At this very moment, I’m not watching baseball. The Red Sox are hosting the Angels at Fenway Park and apparently Mike Napoli has already hit a home run, but I don’t think watching a game is in the cards for tonight.
Instead, I’m sitting here, reading about other experiences loosely tied to the game and listening to Elvis in my newly rearranged living room, realizing that I’m not quite writing about the game, or anything else, with the kind of frequency I’d like. I still write enough, in whatever that sense may be, and I’m still following along, watching as Hanley Ramirez tries to hit through a bad shoulder and the Sox continue to let great performances by a suddenly rejuvenated starting rotation fall by the wayside. They’re struggling. It’s reality and it’s not ideal but I’m comfortable with that.
But it’s in this moment that I wanted to write about baseball, even if the urge to watch a game they may or may not be winning is, at the moment, nonexistent. Just something to reflect on this thing that’s here for half of the year, just about always when it’s needed, always present regardless of whether or not I’m paying attention.
So, I went to the bookshelf and pulled out my baseball card binder, by now bursting with Sox past and present. Thanks to the diminishing quality of cards, my days of buying packs are basically numbered and I settle for occasionally tracking down the latest Boston additions and new variations on my favorite players. But I wanted to flip through and find someone to write about, someone from the past, probably, maybe a faintly remembered star or outright forgotten bit performer.
And I landed on Fred Lynn, a certified legend who fell just short of whatever the Hall of Fame bar is supposed to be, and who I’m certain I never saw play. Funny that within the pages and pages of former Red Sox, this catches him in one of his mostly forgotten moments, playing out the end of the string with the Padres in what would be his last season. Funny enough, on this page, the card is positioned just under one from his true glory days with the Red Sox in 1978, but he doesn’t look much different save for the weird shade of brown tinting his uniform. He has the same half-squint, seemingly looking right into the sun to size up the situation.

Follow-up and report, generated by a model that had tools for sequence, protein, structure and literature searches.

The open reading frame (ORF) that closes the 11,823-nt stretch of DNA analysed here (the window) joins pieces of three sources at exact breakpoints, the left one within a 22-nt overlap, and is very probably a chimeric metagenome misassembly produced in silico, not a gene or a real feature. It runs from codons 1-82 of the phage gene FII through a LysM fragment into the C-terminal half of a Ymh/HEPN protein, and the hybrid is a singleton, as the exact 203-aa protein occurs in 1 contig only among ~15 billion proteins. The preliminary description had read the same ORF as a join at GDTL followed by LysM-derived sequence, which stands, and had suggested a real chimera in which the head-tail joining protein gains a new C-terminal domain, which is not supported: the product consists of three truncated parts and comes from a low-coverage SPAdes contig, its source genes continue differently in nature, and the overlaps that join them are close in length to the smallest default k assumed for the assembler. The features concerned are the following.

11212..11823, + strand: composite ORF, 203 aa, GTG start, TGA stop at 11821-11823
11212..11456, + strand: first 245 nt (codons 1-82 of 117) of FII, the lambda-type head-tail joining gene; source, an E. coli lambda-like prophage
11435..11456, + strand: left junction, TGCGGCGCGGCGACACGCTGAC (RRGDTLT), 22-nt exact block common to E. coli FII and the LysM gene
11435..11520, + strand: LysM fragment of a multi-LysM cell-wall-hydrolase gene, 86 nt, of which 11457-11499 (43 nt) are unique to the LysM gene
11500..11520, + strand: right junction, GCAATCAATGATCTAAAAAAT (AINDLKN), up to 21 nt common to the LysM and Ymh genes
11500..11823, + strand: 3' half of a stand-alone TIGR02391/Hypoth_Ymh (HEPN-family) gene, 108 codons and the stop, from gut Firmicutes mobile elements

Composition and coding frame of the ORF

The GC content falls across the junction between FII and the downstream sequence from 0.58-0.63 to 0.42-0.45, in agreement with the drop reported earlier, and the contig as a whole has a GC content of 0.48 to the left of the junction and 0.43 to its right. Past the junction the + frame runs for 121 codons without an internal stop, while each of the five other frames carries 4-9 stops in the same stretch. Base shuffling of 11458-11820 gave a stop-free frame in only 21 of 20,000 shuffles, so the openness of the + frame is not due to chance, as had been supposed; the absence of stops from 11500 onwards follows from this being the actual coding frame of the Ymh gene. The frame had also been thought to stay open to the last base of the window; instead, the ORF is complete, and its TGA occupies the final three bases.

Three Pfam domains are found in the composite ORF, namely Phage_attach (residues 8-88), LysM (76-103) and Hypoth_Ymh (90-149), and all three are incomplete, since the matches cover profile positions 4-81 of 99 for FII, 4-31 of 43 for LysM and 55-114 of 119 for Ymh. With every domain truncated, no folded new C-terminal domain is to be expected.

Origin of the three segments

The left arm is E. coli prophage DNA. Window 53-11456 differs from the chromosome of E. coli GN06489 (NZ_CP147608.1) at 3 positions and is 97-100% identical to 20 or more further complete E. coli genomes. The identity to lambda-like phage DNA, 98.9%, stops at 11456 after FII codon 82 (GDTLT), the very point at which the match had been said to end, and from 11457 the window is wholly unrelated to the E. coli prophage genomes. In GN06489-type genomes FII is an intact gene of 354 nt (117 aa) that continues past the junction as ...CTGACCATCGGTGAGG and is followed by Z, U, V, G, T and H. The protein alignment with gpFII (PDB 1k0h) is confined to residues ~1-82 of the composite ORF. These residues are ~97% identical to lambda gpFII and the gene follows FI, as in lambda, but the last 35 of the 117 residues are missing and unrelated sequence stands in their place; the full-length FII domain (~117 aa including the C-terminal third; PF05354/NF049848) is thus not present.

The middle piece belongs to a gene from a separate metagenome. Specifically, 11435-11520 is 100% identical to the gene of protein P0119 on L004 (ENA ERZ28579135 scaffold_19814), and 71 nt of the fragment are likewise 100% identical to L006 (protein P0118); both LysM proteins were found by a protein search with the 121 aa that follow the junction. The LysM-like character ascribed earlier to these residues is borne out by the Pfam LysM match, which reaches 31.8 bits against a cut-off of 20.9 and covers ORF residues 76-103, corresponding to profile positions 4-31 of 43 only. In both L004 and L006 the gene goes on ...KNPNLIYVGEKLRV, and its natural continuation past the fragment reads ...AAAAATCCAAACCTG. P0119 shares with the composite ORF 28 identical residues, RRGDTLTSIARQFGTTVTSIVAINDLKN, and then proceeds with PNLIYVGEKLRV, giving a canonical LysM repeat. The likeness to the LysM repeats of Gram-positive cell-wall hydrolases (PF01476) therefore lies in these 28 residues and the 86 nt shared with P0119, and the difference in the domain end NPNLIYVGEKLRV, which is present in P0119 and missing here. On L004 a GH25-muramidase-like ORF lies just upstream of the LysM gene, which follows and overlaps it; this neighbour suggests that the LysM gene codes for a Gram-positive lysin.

Lynn’s been back on the radar lately. The Red Sox are celebrating the 40th anniversary of the 1975 pennant winners, and Lynn famously won Rookie of the Year and MVP honors while the Sox stormed to the American League pennant. His entire Red Sox tenure was star-level, arguably the most popular player on the team. And in the way his story is so often retold here, he was traded to the Angels before the 1981 season where he was left to whither on the vine.
But that’s not really the case. A career that seemed destined for the Hall of Fame in the late 1970s may not have become that, but Lynn was still a star for a number of years and played for more than a decade after leaving Fenway’s home clubhouse. He played in three more All-Star games and 1,141 games, period. He had a game the next day for a long time.
I was certain I’d never seen him play, definitely not in person and probably not even on TV, but the stats show that he appeared in 117 games with the Tigers in 1989, and I have vague memories of watching games that summer on TV 38 in my first real attempt to understand a game I’d only appreciated for its base aesthetics before. I started to understand things like RBIs and batting orders, bullpens and starters, wins and losses and how there are just so many wins and losses.
It all blends in. Going deeper into his Baseball Reference page, his splits say he played seven games against Boston that year. There’s seven possibilities of some bored summer night where my seven-year-old self could have seen him.
Maybe I did. Maybe I didn’t, already loving the game but also loving the idea of running around the yard playing a made-up game, or holing up in my room to create another bizarre lego contraption that only I understood. Or maybe I just wanted to take the handful of baseball cards in my collection at that point and flip through them, reorganize and rearrange them before putting them back in their specified tupperware container for the next day.
Maybe I’m missing someone else right now that I’ll only half-discover years from today, scanning through a string of stats in a effort to fight off the malaise. I didn’t have Elvis then, and probably not Fred Lynn, but it’s not much different than today. Everything changes, but the game will still be there tomorrow.